- This advantage pays off in a spectacular way when slaloming (otherwise known as the 'moose test'): the swinging speeds and acceleration patterns of the body of a hydropneumatic car offer ideal body control, and "load" the tyres in an ideal linear-like manner, helping to get the most out of them. A steel-sprung car acts more like a violently-swinging pendulum, "crashing" on its tyres (and abusing them) when leaning from side to side.
- The same natural law governing gases also ensures that the suspension's spring-rate (hardness) is continuously adapted to the weight it has to carry, and to infinite positions. For example, when the car is standing empty, the pressure within its spheres is in balance. If one passenger enters the car, this pressure becomes higher by the value of his weight (the gas in the spheres compressed to an equal degree, i.e. has now become "harder"). The car will have lost some height, so the self-leveling system immediately reacts and brings the car up to the predetermined ride height. The result is that the spring rate is kept constant, regardless of the load of the car. I.e., a car with 4 passengers and full payload will be equally well controlled as a car with just one passenger (bar the tyres, which of course remain at the same pressure.). With a steel-spring car, either the car would be set up to be comfortable with 1-2 passengers but getting too soft as more weight is added (becoming uncontrollable under full payload), or it would be too stiff with 1-2 passengers and okay on full payload.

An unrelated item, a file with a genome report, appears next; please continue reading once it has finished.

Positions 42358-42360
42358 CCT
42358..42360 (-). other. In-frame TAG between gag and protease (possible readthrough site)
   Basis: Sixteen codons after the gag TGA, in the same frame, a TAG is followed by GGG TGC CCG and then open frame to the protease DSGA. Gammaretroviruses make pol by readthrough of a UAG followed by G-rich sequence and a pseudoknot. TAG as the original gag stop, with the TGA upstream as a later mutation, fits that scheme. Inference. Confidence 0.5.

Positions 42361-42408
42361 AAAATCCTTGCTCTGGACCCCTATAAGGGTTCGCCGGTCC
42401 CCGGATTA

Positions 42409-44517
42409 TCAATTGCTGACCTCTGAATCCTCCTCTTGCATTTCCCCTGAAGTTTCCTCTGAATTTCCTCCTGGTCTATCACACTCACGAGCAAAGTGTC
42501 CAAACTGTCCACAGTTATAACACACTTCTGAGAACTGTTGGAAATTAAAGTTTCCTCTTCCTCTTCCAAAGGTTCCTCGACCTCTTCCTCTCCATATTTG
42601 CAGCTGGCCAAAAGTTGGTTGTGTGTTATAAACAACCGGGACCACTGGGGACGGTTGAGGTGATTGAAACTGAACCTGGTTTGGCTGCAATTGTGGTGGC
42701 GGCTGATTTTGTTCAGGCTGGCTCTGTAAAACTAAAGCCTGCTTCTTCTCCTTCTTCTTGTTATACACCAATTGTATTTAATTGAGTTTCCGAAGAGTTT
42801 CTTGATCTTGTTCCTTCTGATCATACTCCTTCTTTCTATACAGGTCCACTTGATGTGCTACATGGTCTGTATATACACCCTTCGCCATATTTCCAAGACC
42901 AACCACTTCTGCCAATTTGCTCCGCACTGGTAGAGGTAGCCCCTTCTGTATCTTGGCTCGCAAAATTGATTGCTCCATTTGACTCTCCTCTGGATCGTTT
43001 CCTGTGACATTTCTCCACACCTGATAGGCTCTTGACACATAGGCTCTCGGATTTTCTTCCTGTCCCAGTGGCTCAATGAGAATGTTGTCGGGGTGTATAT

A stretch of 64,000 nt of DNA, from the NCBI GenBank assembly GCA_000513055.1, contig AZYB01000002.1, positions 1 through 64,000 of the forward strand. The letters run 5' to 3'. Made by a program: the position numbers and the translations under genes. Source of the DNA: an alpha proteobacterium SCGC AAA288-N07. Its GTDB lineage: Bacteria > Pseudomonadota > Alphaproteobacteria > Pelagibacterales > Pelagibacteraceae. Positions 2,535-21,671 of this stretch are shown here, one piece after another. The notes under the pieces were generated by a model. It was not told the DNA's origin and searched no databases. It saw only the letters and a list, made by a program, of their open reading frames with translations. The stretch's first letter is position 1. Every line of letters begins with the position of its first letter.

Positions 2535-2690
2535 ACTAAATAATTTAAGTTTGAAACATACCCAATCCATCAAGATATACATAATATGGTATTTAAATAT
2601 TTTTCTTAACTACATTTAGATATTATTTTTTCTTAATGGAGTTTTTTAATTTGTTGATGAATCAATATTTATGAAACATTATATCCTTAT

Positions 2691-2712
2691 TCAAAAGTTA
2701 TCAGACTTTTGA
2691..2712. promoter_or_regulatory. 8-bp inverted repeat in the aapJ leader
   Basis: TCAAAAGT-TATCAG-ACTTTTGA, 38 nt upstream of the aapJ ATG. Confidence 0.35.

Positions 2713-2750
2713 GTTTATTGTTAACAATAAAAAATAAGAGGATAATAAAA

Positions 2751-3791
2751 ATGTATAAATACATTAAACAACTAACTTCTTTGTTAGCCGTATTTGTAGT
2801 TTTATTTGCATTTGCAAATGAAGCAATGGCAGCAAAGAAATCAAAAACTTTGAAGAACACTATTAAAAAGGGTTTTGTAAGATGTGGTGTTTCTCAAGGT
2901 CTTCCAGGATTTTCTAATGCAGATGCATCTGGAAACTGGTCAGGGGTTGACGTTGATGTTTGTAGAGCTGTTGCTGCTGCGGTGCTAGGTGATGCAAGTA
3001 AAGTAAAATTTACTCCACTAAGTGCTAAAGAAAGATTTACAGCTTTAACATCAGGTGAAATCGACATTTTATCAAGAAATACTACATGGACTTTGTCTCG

- This effect is especially pronounced at the rear axle, where the designer of a steel-sprung car has to make the greatest compromise: the rear suspension has to be able to deal satisfactorily with a large range of load. Because of the above property of hydropneumatics, Citroën vehicles can have a rear that is set very soft; one can easily push the empty car down with his hand. When load is added, it stiffens as much as necessary. Steel-sprung cars need to have rear springs much stiffer than necessary for average daily driving.